The worst part of working in a medical centre in a war
zone is not seeing the men and women brought in with limbs missing, or the
blinded screaming children, or the American soldiers screaming more for the
blood of enemies than from pain, or indeed the worry that the so-called
insurgents are as vociferous and terrifying in their own roars and
determination. No, the absolute worst thing, for myself, as a nurse, is the
fear that every day you will not be able to help these people because you too
will become one of the victims of this needless, hopeless madness.
I forget the date I came so close to dying myself. I
was born and raised in
It was the most shocking day of my life. We knew
the Americans were coming, and we knew Saddam would not be long for this world
because the word on the street was that the Americans had sworn to feast on the
flesh of him and all his kin, and that they had devils of fire that would seek
him out. I didnt believe that. I believed they would bomb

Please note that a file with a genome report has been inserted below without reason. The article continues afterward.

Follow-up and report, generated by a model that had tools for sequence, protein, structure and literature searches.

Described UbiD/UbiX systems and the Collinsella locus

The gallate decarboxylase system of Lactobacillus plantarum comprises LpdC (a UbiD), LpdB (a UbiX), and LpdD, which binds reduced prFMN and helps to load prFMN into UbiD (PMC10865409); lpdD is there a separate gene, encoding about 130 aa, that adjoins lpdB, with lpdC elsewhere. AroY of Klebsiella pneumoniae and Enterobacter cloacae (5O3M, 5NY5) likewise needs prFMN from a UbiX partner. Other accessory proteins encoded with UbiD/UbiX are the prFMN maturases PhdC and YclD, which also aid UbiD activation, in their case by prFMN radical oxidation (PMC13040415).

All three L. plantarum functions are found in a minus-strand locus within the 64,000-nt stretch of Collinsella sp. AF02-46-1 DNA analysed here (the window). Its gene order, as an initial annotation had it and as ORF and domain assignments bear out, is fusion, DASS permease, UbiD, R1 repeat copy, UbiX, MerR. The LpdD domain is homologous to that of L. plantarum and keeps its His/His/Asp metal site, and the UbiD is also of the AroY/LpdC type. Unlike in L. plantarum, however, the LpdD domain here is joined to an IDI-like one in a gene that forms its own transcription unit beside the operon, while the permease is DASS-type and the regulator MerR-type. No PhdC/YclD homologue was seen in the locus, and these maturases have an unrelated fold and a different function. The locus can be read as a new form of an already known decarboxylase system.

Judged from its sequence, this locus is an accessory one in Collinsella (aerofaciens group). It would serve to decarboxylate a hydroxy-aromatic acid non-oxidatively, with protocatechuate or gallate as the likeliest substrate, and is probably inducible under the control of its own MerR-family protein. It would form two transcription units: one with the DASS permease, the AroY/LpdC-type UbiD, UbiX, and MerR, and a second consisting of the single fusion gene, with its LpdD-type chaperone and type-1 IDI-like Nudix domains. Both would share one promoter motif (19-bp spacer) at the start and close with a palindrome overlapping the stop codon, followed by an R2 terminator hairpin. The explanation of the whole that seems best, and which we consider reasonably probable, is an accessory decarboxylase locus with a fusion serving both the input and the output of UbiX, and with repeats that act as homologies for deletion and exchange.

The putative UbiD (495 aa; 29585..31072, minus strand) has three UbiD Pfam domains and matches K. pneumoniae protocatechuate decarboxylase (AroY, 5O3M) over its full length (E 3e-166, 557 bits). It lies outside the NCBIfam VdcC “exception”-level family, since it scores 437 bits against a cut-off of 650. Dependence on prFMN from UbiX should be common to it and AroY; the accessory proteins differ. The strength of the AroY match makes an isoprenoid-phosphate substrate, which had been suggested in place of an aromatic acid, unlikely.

The explosion was to my right as I walked to work. I
had just taken my children to the school nearby and listened at my cousins
house to the latest news of American casualties. It seemed we were winning,
driving the infidels back into the sea where they were drowning in their
thousands. I remembered thinking Do we not know they have ships? and I left
while my relatives shouted and jeered, argued and cried.
I saw the building fall; felt the earth tremble under
my feet as it seemed to collapse in on itself. I had no idea how this had
happened. Of course, in later times I would come to know that stealth planes
dropped bombs guided by laser beams onto it, killing with a precision that no
sniper could ever match. My first instinct at that time was to run. I ran like
the wind, and I ran to work, where I ordered everyone to shelter. I knew that
the Americans would know we were a government building and I feared terribly
that if my staff were bombed and I did nothing that I would suffer the
The explosions began to happen all over, but they
seemed farther away. I ran into the print room and screamed for everyone to
leave via the nearest exit, to get to the nearest shelter they could find, to
pray to Allah that this was over quickly and that vengeance be swift. They did
as they were told. They did so, frightened men and boys, scattering like
frightened goats into the streets, the more diligent among them turning off
their machines as they went.